5 boxes with a total of 12 chicks all of which look to be doing very well.
3 boxes with adults incubating or brooding – from previous checks these should have 6 eggs/chicks between them.
3 other boxes occupied – “nests” built or adults present but no eggs or chicks as yet – maybe next year?
So 11 boxes occupied and hopefully up to 18 chicks in total if the rest of the season goes well (compared to 14 successfully fledged in 2021).
I checked the Swifts this morning and you will be pleased to know that:
9 chicks have successfully fledged so far
9 more chicks remain in the boxes and seem to be doing well – hopefully they will all fledge successfully too
If all of them do fledge successfully then the total of 18 will be our best ever (cf. 14 last year).
Of the 9 remaining 5 are well grown and should depart very soon – you can see in the photo below that their flight feathers are now very long and ready for action!
Dear Swift Supporters,
I am delighted to report that the last of this years Swift chicks left in the last few days. This means that all of the 18 that hatched this year have successfully fledged and will now be on their way to Africa. This continues the successful growth of our colony from the 14 that fledged last year. We hope that next year more birds will join and use the new boxes we installed earlier this year.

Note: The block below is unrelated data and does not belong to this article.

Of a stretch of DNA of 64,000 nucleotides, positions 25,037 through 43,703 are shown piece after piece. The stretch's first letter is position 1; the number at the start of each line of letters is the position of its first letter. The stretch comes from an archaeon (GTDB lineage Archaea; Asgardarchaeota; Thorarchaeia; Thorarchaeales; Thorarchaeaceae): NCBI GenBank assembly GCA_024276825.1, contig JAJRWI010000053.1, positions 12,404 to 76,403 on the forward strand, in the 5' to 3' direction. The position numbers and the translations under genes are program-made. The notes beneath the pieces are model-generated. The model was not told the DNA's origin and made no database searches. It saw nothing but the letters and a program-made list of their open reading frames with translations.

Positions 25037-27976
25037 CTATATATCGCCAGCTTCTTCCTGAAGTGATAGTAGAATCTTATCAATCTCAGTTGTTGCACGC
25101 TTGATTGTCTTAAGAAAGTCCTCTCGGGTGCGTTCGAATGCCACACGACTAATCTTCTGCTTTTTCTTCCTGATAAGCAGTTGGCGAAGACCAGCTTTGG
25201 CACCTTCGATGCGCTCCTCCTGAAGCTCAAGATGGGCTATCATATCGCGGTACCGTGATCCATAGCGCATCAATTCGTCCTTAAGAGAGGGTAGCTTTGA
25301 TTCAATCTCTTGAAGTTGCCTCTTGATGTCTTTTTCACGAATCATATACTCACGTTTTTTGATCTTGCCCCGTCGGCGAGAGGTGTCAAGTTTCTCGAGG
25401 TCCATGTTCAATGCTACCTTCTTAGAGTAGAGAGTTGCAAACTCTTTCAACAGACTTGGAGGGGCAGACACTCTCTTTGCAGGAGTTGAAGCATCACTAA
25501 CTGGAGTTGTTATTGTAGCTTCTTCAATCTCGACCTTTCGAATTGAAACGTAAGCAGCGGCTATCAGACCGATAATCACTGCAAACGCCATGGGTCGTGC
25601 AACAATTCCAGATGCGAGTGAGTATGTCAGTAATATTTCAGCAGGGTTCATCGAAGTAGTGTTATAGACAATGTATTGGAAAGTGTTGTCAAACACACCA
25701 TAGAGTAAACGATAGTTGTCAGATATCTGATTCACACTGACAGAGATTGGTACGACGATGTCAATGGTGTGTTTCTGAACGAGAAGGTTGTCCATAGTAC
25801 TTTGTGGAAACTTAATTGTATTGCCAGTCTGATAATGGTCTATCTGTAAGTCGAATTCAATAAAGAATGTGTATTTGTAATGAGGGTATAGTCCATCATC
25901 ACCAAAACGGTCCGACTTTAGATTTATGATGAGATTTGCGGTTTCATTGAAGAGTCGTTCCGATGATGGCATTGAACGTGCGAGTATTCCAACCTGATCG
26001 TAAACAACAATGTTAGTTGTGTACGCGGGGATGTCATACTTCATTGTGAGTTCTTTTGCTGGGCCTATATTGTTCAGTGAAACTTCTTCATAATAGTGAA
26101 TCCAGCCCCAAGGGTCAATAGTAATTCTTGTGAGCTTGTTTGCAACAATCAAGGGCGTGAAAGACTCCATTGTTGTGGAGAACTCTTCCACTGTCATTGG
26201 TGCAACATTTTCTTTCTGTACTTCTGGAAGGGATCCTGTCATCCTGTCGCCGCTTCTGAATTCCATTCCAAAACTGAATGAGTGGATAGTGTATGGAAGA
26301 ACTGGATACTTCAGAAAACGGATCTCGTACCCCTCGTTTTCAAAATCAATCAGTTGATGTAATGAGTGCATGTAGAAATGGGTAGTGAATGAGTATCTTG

Update on Swift Project from Dave Williamson – 23rd June 2023
I checked progress with our Swift colony yesterday, Sunday 19th June and the news is good!
Of the 8 boxes where pairs nested and successfully raised young in 2022 all are occupied with nesting pairs again this year. In addition 2 of the 3 boxes that were visited by prospecting birds last year are now occupied by nesting pairs – the other box has been visited again this year but no clear signs of nesting as yet.
So in summary we have 10 boxes with nesting pairs this year, an increase of 2 over last year. Hopefully more prospecting birds will visit over the summer and come back to nest next year and keep our colony growing!
Update on Swift Project from Dave Williamson – 30th June 2023
I have checked the Swifts in the church tower today.